Norwegian company unites space technology and animal husbandry / News / The Foreigner

Norwegian company unites space technology and animal husbandry. Grazing cows and sheep are often fitted with bells around their neck to prevent farmers losing them. Four young inventors in Norway have now found a way to modernise and improve the time-honoured search-and-find aid. “Our device matches the bell’s size and shape, but is soundless,” Findmysheep co-founder Halvor Mjøen tells The Foreigner. “GPS satellites receive coordinates from the battery-powered transmitter inside the ‘bell’ at pre-programmable times of the day.” He also explains that farmers can choose the frequency and time-frame themselves. Sheep-satellite-server signal is then passed to the company’s back office system. Customers then login via mobile, computer, and/or tablet to see where their animals are.

norwayfarming, norwaysheep, technology



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Norwegian company unites space technology and animal husbandry

Published on Friday, 17th January, 2014 at 09:52 under the news category, by Michael Sandelson   .
Last Updated on 17th January 2014 at 10:27.

Grazing cows and sheep are often fitted with bells around their neck to prevent farmers losing them. Four young inventors in Norway have now found a way to modernise and improve the time-honoured search-and-find aid.

Sheep in Norway with GPS 'bell'
The company's system will tell the farmer where the sheep is at any given required time.Sheep in Norway with GPS 'bell'
Photo: Halvor Mjøen/Findmysheep


No bell

“Our device matches the bell’s size and shape, but is soundless,” Findmysheep co-founder Halvor Mjøen tells The Foreigner. “GPS satellites receive coordinates from the battery-powered transmitter inside the ‘bell’ at pre-programmable times of the day.”

He also explains that farmers can choose the frequency and time-frame themselves. Sheep-satellite-server signal is then passed to the company’s back office system. Customers then login via mobile, computer, and/or tablet to see where their animals are.

“We decided to use a ‘bell’ form, as sheep tend to put their head through the gaps in fences to eat things on the other side. Anything hanging around the sheep’s neck is dangerous and the concave shape helps the animal pull their head out, preventing snagging,” says Mr Mjøen.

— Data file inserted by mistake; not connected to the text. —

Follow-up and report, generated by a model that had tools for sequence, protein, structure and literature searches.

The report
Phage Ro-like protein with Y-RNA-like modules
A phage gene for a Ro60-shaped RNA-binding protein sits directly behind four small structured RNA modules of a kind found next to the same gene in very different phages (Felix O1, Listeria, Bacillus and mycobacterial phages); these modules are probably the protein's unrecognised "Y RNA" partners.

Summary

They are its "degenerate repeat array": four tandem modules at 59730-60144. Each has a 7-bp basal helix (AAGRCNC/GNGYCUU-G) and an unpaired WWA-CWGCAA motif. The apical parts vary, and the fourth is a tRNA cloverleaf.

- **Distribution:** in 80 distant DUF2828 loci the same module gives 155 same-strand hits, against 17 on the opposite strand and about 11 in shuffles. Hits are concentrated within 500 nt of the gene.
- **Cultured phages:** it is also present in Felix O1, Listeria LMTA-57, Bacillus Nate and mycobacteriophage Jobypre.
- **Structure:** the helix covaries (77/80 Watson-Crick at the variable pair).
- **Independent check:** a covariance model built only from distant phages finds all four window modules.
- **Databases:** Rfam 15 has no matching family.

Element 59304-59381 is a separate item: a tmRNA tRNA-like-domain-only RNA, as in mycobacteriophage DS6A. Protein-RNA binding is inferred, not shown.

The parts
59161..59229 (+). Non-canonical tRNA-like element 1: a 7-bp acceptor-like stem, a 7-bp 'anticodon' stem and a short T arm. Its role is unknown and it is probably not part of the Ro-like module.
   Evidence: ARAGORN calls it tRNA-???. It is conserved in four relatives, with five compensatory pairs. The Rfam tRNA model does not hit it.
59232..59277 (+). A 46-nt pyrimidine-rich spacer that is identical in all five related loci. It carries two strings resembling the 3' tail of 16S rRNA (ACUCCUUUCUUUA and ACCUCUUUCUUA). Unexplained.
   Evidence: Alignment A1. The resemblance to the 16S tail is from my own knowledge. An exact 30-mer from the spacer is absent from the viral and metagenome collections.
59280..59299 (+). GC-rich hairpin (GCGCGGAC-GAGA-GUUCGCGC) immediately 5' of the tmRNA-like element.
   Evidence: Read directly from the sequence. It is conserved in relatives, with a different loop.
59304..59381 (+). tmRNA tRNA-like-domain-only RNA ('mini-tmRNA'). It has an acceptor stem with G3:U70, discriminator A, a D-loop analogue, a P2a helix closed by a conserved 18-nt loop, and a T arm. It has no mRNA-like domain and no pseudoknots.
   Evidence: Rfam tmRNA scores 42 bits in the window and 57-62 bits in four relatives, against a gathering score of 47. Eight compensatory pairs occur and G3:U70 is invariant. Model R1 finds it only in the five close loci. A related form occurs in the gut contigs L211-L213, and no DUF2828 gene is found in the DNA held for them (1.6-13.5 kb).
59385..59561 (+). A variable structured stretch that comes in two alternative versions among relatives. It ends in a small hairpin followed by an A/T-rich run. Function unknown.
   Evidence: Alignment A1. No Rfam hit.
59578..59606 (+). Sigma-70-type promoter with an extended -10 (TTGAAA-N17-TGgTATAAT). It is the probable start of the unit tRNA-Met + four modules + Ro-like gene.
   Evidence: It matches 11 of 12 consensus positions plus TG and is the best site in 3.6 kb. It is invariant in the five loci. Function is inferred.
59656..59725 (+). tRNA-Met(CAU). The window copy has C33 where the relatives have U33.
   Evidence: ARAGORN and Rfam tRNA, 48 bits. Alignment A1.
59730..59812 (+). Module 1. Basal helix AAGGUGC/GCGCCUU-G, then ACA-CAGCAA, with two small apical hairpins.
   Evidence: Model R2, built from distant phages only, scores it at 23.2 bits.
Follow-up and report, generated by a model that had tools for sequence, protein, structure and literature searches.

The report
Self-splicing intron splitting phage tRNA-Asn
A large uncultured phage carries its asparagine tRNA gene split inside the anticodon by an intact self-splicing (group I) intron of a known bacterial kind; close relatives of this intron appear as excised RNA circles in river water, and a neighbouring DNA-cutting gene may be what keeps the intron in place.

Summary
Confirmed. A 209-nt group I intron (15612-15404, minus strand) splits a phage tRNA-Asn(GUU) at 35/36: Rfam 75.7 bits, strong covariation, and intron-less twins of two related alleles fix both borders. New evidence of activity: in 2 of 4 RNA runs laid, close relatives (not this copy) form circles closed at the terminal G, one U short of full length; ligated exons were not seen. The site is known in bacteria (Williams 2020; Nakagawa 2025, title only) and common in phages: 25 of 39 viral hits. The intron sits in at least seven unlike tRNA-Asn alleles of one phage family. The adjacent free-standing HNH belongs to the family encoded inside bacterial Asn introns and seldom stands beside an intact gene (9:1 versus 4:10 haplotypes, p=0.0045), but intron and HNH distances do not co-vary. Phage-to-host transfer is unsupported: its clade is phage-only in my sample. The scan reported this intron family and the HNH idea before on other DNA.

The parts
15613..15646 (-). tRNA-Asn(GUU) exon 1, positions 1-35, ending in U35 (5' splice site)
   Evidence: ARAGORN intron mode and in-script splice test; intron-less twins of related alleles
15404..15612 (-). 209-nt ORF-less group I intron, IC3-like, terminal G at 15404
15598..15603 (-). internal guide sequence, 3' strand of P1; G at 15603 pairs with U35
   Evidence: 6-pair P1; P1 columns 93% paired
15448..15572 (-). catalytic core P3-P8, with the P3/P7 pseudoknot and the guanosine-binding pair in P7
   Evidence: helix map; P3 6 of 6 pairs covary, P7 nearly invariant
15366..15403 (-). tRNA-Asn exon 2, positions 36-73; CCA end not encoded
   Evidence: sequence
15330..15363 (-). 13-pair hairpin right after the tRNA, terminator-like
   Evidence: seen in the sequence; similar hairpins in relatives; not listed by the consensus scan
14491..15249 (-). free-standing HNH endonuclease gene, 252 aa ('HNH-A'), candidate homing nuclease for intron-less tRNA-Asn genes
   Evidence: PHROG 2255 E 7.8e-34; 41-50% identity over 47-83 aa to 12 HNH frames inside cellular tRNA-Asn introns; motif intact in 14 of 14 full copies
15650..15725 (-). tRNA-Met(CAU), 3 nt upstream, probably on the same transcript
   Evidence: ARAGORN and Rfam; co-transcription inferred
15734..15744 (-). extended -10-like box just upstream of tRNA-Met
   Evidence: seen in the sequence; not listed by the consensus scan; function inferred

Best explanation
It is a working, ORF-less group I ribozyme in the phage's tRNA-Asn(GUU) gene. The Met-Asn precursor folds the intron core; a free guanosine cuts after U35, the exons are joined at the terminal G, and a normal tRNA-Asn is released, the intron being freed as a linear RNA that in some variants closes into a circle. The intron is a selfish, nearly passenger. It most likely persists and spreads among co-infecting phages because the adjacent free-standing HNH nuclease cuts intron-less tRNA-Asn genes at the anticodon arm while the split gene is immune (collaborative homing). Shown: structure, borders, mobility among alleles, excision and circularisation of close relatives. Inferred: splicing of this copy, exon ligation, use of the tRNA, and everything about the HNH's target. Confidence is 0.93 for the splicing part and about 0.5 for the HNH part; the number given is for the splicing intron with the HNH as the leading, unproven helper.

Another reason they chose a ‘bell’ is “because farmers think of their animals’ well-being. They have used bells for 200 to 300 years and anything new-fangled could meet resistance.”

So what gave you the idea to embark on the enterprise?

“My sister took over our parents’ farm in 2009. We brought our sheep down from the mountains after the grazing season had finished that year. It was late November and it was snowing, and some of the animals were not in the herd. So we went on skis to see if we could find them, but it’s pretty hard to spot a white sheep in the snow. We lost 15 to 20 per cent of them.”

The device can also be used for cows
The device can also be used for cows
Halvor Mjøen/Findmysheep
Mr Mjøen adds there was a GSM-based system in place at the time, but there is no mobile coverage in their area of western Norway.

“That vendor’s solution is really good, and we would have bought it instead of developing a new one if it had worked where we needed it to,” he remarks. “Of course, even GPS-based systems have their weak points. Coverage in hilly or mountainous terrain in certain herding areas can be non-optimal, and signals can be weak if sheep go into a cave, say.”

What happens then?

“Our system sends a warning to the user if the coordinates transmitted by the device around the sheep’s neck remain unchanging over a certain time-period.”

A lifesaver

According to Mr Mjøen, their invention has proven its worth on two particular occasions.

“Sheep don’t like walking backwards. Some sheep in Sogn og Fjordane County’s Førde municipality got stuck on a cliff once. The farmer was able to see this on his device and eventually managed to rescue them by boat. Another time, a sheep fell on its back and didn’t move. They thought it was dead, but went up and rolled it back over,” he says.

How many have you sold since you started?

“2012 was the prototype season with 1,500 units. This increased to 3,500 the following year. We started sales again on the 01st A cow having the device put on
A cow having the device put on
Halvor Mjøen/Findmysheep
October for 2014’s season, with 3,800 units having been purchased so far. We can produce up to 10,000 per year.”

“We originally developed the system in the farm’s barn just for personal use, never intending it for sale. But it turned into a commercial development after government funding started.”

Moreover, there are plans afoot to expand the current six-person company.

“The system is being tested out on reindeer in Norway, cattle in Brazil, camels in Africa, and elephants,” Mr Mjøen divulges. “We’re looking for a bigger barn now, so to speak.”

Facts                                        

  • Rechargeable battery lasts roughly one grazing season.
  • Inductive charging through a weatherproof sealed and hardened plastic unit (similar to an electric toothbrush).
  • 1,749 Norwegian kroner ex VAT per unit (roughly 282 US dollars/207 euro/173 pounds sterling at today’s ROE).
  • 1 krone ex VAT per message (about 16 cents (US)/11 cents (euro)/10 pence).

·         The login system is free.




Published on Friday, 17th January, 2014 at 09:52 under the news category, by Michael Sandelson   .
Last updated on 17th January 2014 at 10:27.

This post has the following tags: norwayfarming, norwaysheep, technology.





  
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